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On the evolutionary origin of the chaperonins

Authors

  • Carien Dekker,

    1. Section of Cell and Molecular Biology, Chester Beatty Laboratories, Institute of Cancer Research, 237 Fulham Road, London SW3 6JB
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  • Keith R. Willison,

    1. Section of Cell and Molecular Biology, Chester Beatty Laboratories, Institute of Cancer Research, 237 Fulham Road, London SW3 6JB
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  • William R. Taylor

    Corresponding author
    1. Division of Mathematical Biology, MRC National Institute for Medical Research, The Ridgeway, Mill Hill, London NW7 1AA, United Kingdom
    • Division of Mathematical Biology, MRC National Institute for Medical Research, The Ridgeway, Mill Hill, London NW7 1AA, United Kingdom
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Abstract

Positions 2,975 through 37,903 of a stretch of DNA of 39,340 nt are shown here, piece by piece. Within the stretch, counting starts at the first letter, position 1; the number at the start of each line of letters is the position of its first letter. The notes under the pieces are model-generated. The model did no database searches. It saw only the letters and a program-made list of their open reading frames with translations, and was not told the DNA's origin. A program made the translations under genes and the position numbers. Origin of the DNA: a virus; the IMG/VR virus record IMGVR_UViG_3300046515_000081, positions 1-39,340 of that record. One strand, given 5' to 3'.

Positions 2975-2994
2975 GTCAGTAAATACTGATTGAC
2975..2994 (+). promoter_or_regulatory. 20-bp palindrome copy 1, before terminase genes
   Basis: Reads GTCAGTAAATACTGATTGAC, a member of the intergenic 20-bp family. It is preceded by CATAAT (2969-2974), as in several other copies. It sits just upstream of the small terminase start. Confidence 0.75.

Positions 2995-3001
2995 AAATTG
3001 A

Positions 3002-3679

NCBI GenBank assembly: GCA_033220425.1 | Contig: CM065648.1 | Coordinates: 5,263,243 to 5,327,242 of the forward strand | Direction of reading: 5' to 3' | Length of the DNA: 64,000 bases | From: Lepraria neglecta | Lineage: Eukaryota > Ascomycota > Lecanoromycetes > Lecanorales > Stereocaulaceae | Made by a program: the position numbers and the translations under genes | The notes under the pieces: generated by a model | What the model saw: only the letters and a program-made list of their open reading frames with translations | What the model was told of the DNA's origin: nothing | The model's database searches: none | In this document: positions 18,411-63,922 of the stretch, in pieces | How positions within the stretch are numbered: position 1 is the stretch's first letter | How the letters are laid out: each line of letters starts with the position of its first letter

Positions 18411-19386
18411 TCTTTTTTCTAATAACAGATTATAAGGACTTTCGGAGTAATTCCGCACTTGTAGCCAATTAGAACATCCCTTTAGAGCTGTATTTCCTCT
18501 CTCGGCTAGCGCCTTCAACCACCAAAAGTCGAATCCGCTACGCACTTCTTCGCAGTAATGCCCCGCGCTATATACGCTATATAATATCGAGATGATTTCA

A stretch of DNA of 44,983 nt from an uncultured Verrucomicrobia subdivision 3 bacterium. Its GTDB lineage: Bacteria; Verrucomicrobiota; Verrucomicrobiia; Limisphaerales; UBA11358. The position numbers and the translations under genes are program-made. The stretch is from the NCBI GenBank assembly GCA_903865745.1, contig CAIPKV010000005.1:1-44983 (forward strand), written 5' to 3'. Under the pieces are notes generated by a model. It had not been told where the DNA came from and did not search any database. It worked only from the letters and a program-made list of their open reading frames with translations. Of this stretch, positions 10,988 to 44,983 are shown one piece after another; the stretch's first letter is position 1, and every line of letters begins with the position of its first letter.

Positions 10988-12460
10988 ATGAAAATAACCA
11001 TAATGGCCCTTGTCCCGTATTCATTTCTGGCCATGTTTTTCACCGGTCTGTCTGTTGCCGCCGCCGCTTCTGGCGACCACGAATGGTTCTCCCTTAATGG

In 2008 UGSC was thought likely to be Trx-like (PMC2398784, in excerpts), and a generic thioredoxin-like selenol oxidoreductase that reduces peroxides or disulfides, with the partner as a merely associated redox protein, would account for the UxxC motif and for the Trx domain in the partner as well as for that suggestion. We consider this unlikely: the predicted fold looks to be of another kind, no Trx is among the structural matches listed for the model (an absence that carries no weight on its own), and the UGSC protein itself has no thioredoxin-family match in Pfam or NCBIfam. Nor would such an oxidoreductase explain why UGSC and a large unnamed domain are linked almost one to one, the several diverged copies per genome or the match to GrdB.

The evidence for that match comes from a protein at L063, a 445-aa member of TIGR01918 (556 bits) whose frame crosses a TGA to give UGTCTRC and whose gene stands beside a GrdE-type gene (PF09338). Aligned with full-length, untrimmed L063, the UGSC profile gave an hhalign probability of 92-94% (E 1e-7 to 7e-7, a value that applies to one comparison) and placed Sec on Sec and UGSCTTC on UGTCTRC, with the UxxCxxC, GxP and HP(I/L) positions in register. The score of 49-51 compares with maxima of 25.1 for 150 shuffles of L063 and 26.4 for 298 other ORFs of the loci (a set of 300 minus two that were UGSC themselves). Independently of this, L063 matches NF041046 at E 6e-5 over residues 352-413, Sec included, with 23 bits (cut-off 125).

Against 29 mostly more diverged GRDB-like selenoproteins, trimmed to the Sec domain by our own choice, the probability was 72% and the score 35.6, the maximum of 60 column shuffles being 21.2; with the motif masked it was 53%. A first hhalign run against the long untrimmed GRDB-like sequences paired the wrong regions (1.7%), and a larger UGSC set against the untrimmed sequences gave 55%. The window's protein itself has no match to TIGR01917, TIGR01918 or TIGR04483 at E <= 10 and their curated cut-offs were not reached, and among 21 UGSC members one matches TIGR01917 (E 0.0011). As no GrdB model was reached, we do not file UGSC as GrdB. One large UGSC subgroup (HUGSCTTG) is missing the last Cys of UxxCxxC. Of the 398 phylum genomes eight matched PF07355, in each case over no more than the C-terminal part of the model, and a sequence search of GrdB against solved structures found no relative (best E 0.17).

An analysis of the apical domain of the Group-I and Group-II chaperonins shows that they have structural similarities to two different protein folds: a “swivel-domain” phosphotransferase and a thioredoxin-like peroxiredoxin. There is no significant sequence similarity that supports either similarity and the degree of similarity based on structure is comparable but weak for both relationships. Based on possible evolutionary transitions, we deduced that a phosphotransferase origin would require both a large insertion and deletion of structure whereas a peroxiredoxin origin requires only a peripheral rearrangement, similar to an internal domain-swap. We postulate that this change could have been triggered by the insertion of a peroxiredoxin into the ATPase domain that led to the modern chaperonin domain arrangement. The peroxidoxin fold is the most highly embellished member of the thioredoxin super-family and the insertion event may have “overloaded” the core, leading to a rearrangement. A peroxiredoxin origin for the domain also provides a functional explanation, as the peroxiredoxins can act as chaperones when they adopt a multimeric ring complex, similar to the chaperonin subunit configuration. In addition, several of the GroEL apical domain hydrophobic residues which interact with the unfolded protein are located in a position that corresponds to the protein substrate binding region of the peroxiredoxin fold. We suggest that the origin of the ur-chaperonin from a thioredoxin/peroxiredoxin fold might also account for the number of thioredoxin-fold containing proteins that interact with chaperonins, such as tubulin and phosducin-like proteins. Proteins 2011. © 2010 Wiley-Liss, Inc.

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